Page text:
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BUENA PARK : ‘Wild and Crazy Kids’ Star in Play

Nine-year-old Robert Veale got a taste of show biz Wednesday, but he wasn’t quite sure what to make of it.

“It was fun,” said the fourth-grader from Mabel L. Pendleton Elementary School. “But . . . it’s boring, all that waiting.”

Veale and 45 other students from the Buena Park School District got a lesson in patience as contestants on “Wild and Crazy Kids,” a popular show on cable-TV’s Nickelodeon. The no-holds-barred game and sports show puts kids in wacky situations and lets them have fun.

On Wednesday morning, the center ring of the Medieval Times Dinner Tournament was transformed into a sound stage as the third- and fourth-graders squared-off against a giant “Earthball” in a medieval version of dodge ball. Donning bright purple, yellow and pink “crazy kids” T-shirts, the youngsters tried to grab flags from the hosts before being tagged out.

“It is a great learning experience,” said Assistant Supt. Sandra Barry while watching the theme dinner house’s production crew give instructions to the children. “The kids are realizing what goes into making the show. . . . They understand now it is a long process.”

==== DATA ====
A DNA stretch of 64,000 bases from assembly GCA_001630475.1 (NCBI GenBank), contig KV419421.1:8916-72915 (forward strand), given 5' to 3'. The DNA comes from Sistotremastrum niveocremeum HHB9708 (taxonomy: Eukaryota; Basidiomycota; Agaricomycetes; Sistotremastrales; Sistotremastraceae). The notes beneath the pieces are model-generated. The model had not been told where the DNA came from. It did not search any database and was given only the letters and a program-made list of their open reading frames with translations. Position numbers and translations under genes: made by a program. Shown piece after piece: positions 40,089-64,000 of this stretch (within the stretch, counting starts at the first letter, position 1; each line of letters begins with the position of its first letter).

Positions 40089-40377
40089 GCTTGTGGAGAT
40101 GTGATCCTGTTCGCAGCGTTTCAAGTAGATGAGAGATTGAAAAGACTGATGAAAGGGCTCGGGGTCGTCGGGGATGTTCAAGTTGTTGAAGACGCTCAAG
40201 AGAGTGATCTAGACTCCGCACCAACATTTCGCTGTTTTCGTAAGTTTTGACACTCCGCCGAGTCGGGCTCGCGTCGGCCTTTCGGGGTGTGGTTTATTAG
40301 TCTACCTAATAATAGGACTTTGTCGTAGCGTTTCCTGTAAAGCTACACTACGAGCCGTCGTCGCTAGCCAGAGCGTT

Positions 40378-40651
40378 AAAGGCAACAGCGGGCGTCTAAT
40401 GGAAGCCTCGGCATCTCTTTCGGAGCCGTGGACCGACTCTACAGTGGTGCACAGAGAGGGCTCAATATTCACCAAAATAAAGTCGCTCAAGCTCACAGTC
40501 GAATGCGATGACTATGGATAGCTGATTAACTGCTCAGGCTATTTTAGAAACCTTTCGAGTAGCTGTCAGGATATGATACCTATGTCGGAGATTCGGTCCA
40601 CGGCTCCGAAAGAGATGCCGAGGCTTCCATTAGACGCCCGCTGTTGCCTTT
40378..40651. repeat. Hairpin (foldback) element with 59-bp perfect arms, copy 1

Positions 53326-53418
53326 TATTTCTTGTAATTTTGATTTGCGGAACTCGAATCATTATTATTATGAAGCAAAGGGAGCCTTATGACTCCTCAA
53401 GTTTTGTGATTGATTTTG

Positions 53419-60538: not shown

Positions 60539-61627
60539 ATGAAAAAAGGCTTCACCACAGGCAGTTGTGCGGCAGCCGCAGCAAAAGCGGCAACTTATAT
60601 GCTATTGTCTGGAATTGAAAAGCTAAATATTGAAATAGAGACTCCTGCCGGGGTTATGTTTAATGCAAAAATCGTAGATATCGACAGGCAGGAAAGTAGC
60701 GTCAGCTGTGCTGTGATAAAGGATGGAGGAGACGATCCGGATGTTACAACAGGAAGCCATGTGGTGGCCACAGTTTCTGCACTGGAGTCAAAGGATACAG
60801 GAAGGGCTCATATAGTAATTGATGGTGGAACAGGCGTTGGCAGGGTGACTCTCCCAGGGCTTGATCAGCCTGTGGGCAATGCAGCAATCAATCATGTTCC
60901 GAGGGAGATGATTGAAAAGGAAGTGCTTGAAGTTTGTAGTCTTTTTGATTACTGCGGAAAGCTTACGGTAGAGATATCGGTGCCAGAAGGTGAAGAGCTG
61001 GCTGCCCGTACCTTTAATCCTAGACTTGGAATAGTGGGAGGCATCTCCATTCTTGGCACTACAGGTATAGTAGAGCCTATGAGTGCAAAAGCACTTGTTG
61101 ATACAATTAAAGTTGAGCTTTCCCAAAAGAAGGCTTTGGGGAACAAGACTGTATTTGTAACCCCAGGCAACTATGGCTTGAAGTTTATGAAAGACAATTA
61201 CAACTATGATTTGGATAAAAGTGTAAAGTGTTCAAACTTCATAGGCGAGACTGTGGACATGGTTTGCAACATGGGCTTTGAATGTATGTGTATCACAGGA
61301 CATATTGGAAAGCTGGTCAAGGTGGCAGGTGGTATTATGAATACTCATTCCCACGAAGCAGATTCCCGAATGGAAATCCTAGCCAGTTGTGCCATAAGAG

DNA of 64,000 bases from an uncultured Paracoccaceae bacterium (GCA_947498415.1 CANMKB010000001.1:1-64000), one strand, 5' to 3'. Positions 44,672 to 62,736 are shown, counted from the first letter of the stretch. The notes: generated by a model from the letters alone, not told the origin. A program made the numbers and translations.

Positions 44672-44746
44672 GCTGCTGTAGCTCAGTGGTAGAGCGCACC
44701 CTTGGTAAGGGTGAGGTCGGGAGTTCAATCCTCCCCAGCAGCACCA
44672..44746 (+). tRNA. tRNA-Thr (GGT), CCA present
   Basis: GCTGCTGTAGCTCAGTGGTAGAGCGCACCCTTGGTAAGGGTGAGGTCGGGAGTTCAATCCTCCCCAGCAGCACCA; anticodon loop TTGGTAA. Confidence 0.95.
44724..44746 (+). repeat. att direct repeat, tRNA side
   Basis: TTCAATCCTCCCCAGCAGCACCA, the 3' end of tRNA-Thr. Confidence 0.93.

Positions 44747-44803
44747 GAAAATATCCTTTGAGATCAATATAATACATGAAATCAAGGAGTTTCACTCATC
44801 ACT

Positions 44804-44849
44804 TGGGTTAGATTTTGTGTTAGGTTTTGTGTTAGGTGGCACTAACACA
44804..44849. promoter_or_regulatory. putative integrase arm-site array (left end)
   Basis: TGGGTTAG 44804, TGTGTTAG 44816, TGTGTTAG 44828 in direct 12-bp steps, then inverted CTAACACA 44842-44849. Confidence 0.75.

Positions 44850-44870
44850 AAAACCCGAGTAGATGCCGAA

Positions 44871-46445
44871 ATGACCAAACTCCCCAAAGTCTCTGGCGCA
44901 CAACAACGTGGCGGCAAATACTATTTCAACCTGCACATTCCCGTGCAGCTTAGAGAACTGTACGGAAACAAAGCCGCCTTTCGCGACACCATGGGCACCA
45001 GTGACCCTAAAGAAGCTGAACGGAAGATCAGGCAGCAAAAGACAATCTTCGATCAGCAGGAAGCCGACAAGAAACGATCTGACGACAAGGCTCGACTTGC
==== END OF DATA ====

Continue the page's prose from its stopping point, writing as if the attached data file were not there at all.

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The show featuring the Buena Park students is the last in a series of 26 episodes that have been taped all around Southern California. The show, which airs every Sunday at 12:30 p.m. and 6:30 p.m., features children in a variety of challenging situations including everything from playing basketball on donkeys to trying to hold colored water in a glass while riding on a roller coaster.

In the afternoon segment, the fifth- and sixth-grade students from Pendleton participated in a King Arthur-like jousting match with foam swords.

Since hitting the airways, “Wild and Crazy Kids,” has slowly climbed the rating charts to become one of the most popular shows on the channel, writer Phil Gurin said. What makes it popular is that the emphasis is not on competition, he said. “No prizes are awarded at the end. It’s just real kids having real fun.”

Although the three-hour taping was trying for many of the weary youngsters, everything went relatively smoothly, said Richard Crystal, the show’s producer.

Some overzealous participants who failed to sit down after being tagged out did create a bit of a problem, Crystal said. But it was quickly remedied. “I told them they would be seen cheating on national television.”

The show featuring the students from Buena Park is expected to air at the end of December.


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